Australia’s Queensland state on Wednesday said it would close its border with New South Wales state to hold back a second wave of COVID-19, while the country’s second-largest city Melbourne was set to shut most businesses from midnight.A surge in coronavirus cases in Melbourne has forced the state of Victoria to impose a night curfew, tighten restrictions on people’s movements and order most businesses to stop trading from Wednesday night.Other states are imposing new restrictions of their own to prevent any spillover form Victoria and an even bigger hit to the national economy, which has plunged into its first recession in nearly three decades. Australia has withstood the pandemic much better than most other countries, with 18,729 cases and 232 deaths in a population of 25 million.But Victoria, which accounts for about a quarter of the nation’s economy, has nearly two-thirds of Australia’s coronavirus cases and is expected to report more than 700 new infections on Wednesday, according to media reports.Queensland Premier Annastacia Palaszczuk, who has already shut her northeastern state’s border to Victorians, said travelers from New South Wales and the capital Canberra also would be barred from Saturday.”We have seen that Victoria is not getting better, and we’re not going to wait for New South Wales to get worse. We need to act,” Palaszczuk said at a media conference in Brisbane. After two months of no community transmission in the state, two travelers who returned to Queensland from Melbourne last month tested positive to the virus and there have been at least three cases of local transmission, the state’s deputy premier said.”It is clear now that Australia is experiencing a second wave of COVID-19 and we cannot afford to have that second wave here in Queensland,” Deputy Premier Steven Miles said.Queensland, a popular holiday destination for people from the colder southern states, reported one new and 11 active cases on Wednesday.Victorians are bracing for the shutdown of a range of businesses from hair salons to furniture stores, and curbs on construction activity, meatworks and warehouses, hitting 250,000 jobs.In another blow to the economy, Australia’s number two airline, Virgin Australia Holdings, said on Wednesday it would axe 3,000 jobs under its prospective new owner Bain Capital.Topics :
DT: Were the candidates’ performances in line with expectations for tonight?I think Romney outperformed what a lot of people expected. I think Obama was a little bit flat and underperformed. But I think his supporters may have been more optimistic because he is such an eloquent stump speaker. That doesn’t necessarily translate to great debating skills. Those are different kinds of speaking styles. But nonetheless I think people thought that would play into his debate performance. President Barack Obama and Republican presidential candidate Mitt Romney faced off during the first presidential debate at the University of Denver on Wednesday night.Communication Professor Tom Hollihan, an expert in political debates, analyzed the candidates’ performances in the domestic policy debate. DT: What do you think the two candidates should work on going into the next two debates?TH: I think they’re going to be trying to get Obama to show a little more energy, to be a little sharper and a little less long-winded. I think they’re going to try to get him to be a little more concrete in going after some specific things or flaws in Romney’s positions. I think [with] Romney, they’re going to try to say, “You gave as well as you got in this debate, but you didn’t make the final say. And you have to be more prepared about how to be concrete.”The foreign policy debate, I think, will be an advantage to Obama. This debate was somewhat of an advantage for the challenger because Obama’s most difficult set of facts is the nature of the economy right now. But he’s been so effective with the foreign policy debate that I’d look for that to be an advantage for the president. DT: To what extent do you believe the debate will affect the public?TH: What typically happens in these debates is that a challenger who can hold his own against an incumbent picks up at least some short-term gain in the polls. Whether or not that gain is maintained in days to come is really hard to determine. I think there is going to be some closing of the polls. I think Mr. Romney is going to see some advantage. But I think it will not be at all clear that he will hang on to that in days to come. DT: Did the debate raise any new issues in the campaign?TH: No, I don’t think there was much of anything new. It seemed to me that Obama tried to play the debate strategy very conservatively. He did not go on the attack. He really avoided issues like the Bain Capital or the exporting of jobs, he didn’t mention the 47 percent statement. He seemed to play a very conservative strategy. And Romney was much more in control of the emotional dimension of the debate, taking the attack directly to the president, being sharply critical of the president’s positions. I think that was the much more defining characteristic. I don’t think there was much substantively new in this contest. Daily Trojan: Did voters learn anything new about the two candidates from the debate?Tom Hollihan: I think what they saw was two different visions for how to take the country forward -— one vision that is much more focused on using government as a resource to help people and another vision that is much more reliant on free enterprise and individuals and states as opposed to the federal government.What I don’t think they really learned was precisely what Mr. Romney will do. I think he stylistically did a beautiful job debating and I think he was very articulate at communicating his ideas. He seemed enthusiastic and prepared and ready to be there.I think the one problem was he was unable to be real concrete and specific in terms of how he would achieve these things. I mean, at one point, he was forced to say my view of government is not that you go in with a proposal but that you listen and negotiate and talk to people and that’s what [he] did in Massachusetts. And I think in the days to come, that’s going to be the focus of a lot of the Democrats’ energy and attack –— to say, “He hasn’t really articulated what he’s going to do. He’s walking away from most of the specific commitments during the course of his campaign so far and he isn’t promising exactly what he’s going to do or how he’s going to do the proposals he wants to get to.” DT: Who do you think ultimately won the debate?TH: I don’t ever answer that question in terms quite that stark. … It’s a matter of which candidate better achieved the objective they have to achieve. And I would give the advantage to Romney on that. I think the fact is the Republicans will be enthusiastic about how well he performed in this debate, whereas Democrats will be more likely disappointed that the president didn’t deliver a knock-out blow. DT: Do you think the audience picks up on that?TH: [With] the immediate audience, it’s always a little bit unclear. What we know about debates is that the partisan voters are likely to go in and find enough reasons to support their own candidate’s position to confirm what they already had believed to be true. Undecideds often don’t even watch the debate so they are more influenced by the spin and the press coverage and conversation with their pals following the debate.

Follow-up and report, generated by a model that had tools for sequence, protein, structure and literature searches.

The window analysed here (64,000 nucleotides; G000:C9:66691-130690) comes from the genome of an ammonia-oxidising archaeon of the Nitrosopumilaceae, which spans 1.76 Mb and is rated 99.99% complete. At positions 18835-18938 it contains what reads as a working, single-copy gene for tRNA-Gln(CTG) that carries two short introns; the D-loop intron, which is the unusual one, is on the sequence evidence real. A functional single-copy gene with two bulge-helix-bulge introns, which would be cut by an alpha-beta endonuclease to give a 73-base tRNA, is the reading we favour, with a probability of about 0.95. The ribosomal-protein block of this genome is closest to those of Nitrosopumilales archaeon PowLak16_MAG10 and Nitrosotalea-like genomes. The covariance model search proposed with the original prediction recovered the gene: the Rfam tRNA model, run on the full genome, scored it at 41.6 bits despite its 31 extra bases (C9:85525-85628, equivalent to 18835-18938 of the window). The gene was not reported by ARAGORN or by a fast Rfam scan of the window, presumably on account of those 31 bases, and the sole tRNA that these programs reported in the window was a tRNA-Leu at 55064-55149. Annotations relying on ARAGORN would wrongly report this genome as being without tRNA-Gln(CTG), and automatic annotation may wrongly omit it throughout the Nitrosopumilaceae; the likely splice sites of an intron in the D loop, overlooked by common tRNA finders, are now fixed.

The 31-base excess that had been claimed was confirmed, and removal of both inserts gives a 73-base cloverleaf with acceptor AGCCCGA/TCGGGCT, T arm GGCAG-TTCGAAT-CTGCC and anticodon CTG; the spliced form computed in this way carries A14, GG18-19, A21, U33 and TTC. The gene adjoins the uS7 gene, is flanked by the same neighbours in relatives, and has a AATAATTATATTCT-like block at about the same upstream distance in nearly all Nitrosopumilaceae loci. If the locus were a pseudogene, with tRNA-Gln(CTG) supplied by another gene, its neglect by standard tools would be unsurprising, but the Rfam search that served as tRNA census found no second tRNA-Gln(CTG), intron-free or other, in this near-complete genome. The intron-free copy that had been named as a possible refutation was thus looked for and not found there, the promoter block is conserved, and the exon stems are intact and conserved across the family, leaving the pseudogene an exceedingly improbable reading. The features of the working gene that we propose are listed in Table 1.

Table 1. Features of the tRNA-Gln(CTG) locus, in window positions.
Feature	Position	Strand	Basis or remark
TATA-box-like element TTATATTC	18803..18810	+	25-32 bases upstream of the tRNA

With Guyana’s 49th Republic Day anniversary approaching, the Education Ministry on Friday launched its Mash band which will take to the streets of Georgetown on February 23 in a bid to capture the top prize.The launch was held at the Ministry’s Brickdam office in the presence of Education Minister Nicolette Henry; Director of the National Centre for Educational Research Development, Jennifer Cumberbatch; Head of the Unit of Allied Arts, Lorraine Barker-King and other education officials.The Education Minister explained that they have incorporated the concept of STEAM – Science, Technology, Engineering, Arts and Mathematics – in their band and moreover, the classroom environment.“This is part of a larger drive by the Ministry, particularly in the area of Science, Technology, Engineering, Mathematics and the Arts more recently this definitelyEducation Minister Nicolette Henry flanked by revellers as the Mash band was unveileddepicts the arts,” said Henry.According to the designer Neilson Nurse who represents Nandre’s Kreations, some 50 revellers will be participating in the respective categories.He said the sparkling gold and black costumes showcases the country’s oil sector, robotics and the use of technology in education.“The whole idea is trying to bring out robotics and the importance of education technology. Black is one of the colours you use when referring to technology and because we’re rediscovering El Dorado, we decided to go with a bit of gold.”Meanwhile, Lorraine Barker-King of the Unit of Allied Arts emphasised on the importance of arts in the education sector, in bringing balance in learning.“The Ministry of Education is a strong advocate of the arts, as well as a trailblazer and this is evident in having a unit which promotes the expressive arts and physical education,” said Barker-King.This year, 39 activities were scheduled to mark the Republic anniversary celebrations, held under the theme “Celebrate Mash 2019; With Victory in Mind – Rediscovering El Dorado”.Meanwhile, a chutney dance competition is expected to excite patrons over in Region Three (Essequibo Islands-West Demerara) at the National Track and Field Centre also on February 9.The Rosignol Stelling Road in Region Five (Mahaica-Berbice) will be the venue for this year’s semi-final of the Chutney Song Competition on February 10.Other exciting events are expected to take place within the month of February, including the Children’s Costume and Float Parade at the National Park and the Carib Soca Monarch final at D’Urban Park; both on February 16.This year the Masquerade Jamboree will be held at the Stabroek Square on February 21.The flag-raising ceremony will be hosted on February 22 to usher in the Costume and Float Parade on February 23.The Mashramani festivities do not end on February 23 this year, as a Champions in Concert is slated for March 9, in Mahdia, Region Eight (Potaro-Siparuni).